In a separate NBC News story, Lein held out a little more in the way of hope:

The findings are also in line with other research suggesting that early intervention can make a big difference for children with autism. “There’s converging evidence on a place in space and time where we should be putting our focus,” Lein said.

More hope for autistic children already born, yes, but still very vague with regards to prenatal implications – at least from the researchers’ vantage point. But those of us who follow such stories closely, the prenatal implications are all too clear: Once the genetic markers for mental illnesses like autism are identified and confirmed, and a test is developed that is cost effective from the heath insurers’ perspective, parents will be encouraged to screen their pregnancies accordingly, and babies destined for autism will be eliminated just as Down syndrome children are.

Does that sound crazy? Maybe, but it’s really just Margaret Sanger’s eugenicist dream come true. Sanger, the founder of what has become the international Planned Parenthood organization, was known to rail against those she labeled “morons,” “imbeciles,” and “mental defectives,” and she especially advocated for expanded birth control access for the lower strata of society in order to be rid of such persons. Sanger declared that “the greatest crime of modern civilization” was “permitting motherhood to be left to blind chance, and to be mainly a function of the most abysmally ignorant and irresponsible classes of the community.” And what Sanger wasn’t able to accomplish with birth control alone, her heirs are certainly accomplishing with prenatal testing and selective abortion.

And it’s not just mental illness and Down syndrome in the eugenicist cross hairs. Consider these sobering words from Nick Cohen writing in The Observer:

Suppose researchers claim to identify gay genes. Their discovery would be pseudo-science. A Gordian knot of environmental, cultural and hormonal influences would be as important in determining sexual preference. But there they would be on the web and in the text books: gay genes. Parents, who hated the idea of a gay child, could demand screenings and abortions. Why not? Parents who hate the idea of a daughter have unleashed a “gendercide” across China and northern India, where there are now 120 boys being born for every 100 girls.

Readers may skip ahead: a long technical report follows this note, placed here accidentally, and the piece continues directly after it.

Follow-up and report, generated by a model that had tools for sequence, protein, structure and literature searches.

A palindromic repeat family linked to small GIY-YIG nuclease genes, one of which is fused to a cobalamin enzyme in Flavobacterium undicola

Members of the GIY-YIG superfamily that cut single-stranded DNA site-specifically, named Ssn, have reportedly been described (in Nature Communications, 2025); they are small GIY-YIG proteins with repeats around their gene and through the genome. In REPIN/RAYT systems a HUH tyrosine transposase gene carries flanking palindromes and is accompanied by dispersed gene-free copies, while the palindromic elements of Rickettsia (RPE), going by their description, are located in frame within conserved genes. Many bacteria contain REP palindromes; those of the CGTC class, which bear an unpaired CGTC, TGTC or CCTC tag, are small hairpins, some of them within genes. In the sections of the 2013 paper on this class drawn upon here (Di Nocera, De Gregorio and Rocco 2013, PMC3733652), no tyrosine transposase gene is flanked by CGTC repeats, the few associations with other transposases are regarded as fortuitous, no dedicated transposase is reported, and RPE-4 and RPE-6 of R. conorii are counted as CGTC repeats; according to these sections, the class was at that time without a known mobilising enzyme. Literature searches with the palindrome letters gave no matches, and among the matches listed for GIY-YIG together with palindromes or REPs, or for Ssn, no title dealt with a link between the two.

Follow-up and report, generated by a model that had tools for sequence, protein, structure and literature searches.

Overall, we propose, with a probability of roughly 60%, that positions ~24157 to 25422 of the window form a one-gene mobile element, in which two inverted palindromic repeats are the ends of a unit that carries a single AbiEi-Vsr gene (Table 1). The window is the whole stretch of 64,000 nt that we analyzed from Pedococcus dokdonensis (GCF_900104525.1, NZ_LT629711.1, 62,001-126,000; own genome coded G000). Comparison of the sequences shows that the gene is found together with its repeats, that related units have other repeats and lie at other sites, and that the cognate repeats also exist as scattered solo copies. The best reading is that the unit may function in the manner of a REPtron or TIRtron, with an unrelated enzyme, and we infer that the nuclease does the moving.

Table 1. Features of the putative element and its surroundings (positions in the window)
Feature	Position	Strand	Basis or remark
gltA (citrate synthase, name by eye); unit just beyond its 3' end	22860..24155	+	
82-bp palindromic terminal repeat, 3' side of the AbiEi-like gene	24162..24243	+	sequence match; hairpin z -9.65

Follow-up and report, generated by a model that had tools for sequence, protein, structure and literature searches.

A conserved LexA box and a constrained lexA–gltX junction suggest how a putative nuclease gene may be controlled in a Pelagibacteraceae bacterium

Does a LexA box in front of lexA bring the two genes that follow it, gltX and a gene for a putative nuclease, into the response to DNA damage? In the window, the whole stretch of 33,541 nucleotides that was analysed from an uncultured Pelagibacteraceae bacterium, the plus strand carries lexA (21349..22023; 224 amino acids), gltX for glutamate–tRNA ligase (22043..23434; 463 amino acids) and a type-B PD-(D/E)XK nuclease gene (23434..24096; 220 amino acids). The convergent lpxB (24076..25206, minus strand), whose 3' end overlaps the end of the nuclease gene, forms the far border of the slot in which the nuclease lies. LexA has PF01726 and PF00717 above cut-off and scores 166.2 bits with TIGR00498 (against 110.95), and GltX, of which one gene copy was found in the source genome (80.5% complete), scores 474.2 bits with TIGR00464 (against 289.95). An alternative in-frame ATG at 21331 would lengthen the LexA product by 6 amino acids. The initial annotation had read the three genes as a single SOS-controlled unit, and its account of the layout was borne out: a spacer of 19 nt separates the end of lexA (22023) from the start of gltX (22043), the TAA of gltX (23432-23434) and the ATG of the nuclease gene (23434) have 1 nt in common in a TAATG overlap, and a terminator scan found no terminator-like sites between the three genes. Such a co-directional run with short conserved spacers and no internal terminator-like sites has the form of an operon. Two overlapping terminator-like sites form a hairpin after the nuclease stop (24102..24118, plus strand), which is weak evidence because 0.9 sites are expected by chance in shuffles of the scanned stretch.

age-dinosaur-bones-1The new research on fetal brain development is hot off the press, but we’d have to be naive to think that there aren’t people already thinking about how they can cash in on this new research – and I’m not talking about prenatal curative therapies. Let’s face it: Getting rid of a problem (in this case, human beings with a problem) is always easier (and sometimes more lucrative) than solving the problem itself.

Which calls to mind another story I heard on NPR – this time, about Elizabeth Kolbert’s recent book, The Sixth Extinction, in which she argues that, following on the heels of five massive natural extinctions, mankind is currently responsible for another ongoing global extinction of species that is as big as its predecessors, and could prove to be one of our most significant legacies on the planet.

Serious as Kolbert’s claims are, they pale in comparison to what some are calling a Seventh Extinction, in which man is projected to, in essence, wipe himself out.

Projection? It’s already happening. First, it was Down’s and girls; next it could be autism and other brain disorders; perhaps later, gays and lesbians; and then, who knows?

In any case, given the current penchant for cleansing the gene pool, it’s not a bad idea to be on guard, especially when your obstetrician starts talking to you about prenatal testing. And as far as the new fetal brain mapping is concerned, I like this comment from Brussels researcher Pierre Vanderhaeghen: “It’s always difficult to know what will come out of it.”

No argument there.


A version of this story appeared on Crisis.

Of Honest Labels and Down Syndrome

Can a mother forget her infant,
be without tenderness for the child of her womb?
~ Isaiah

Driving home from the hospital after late clinicals recently, I stopped at a 7-Eleven for a snack. I wasn’t particularly hungry, but I wanted something to munch on to help me stay awake. Cheddar flavored Chex Mix looked tasty, so I made my purchase and hit the road again. The open bag sat next to me on the passenger seat, and I grabbed handfuls from time to time as I listened to late night radio chatter and finished my journey.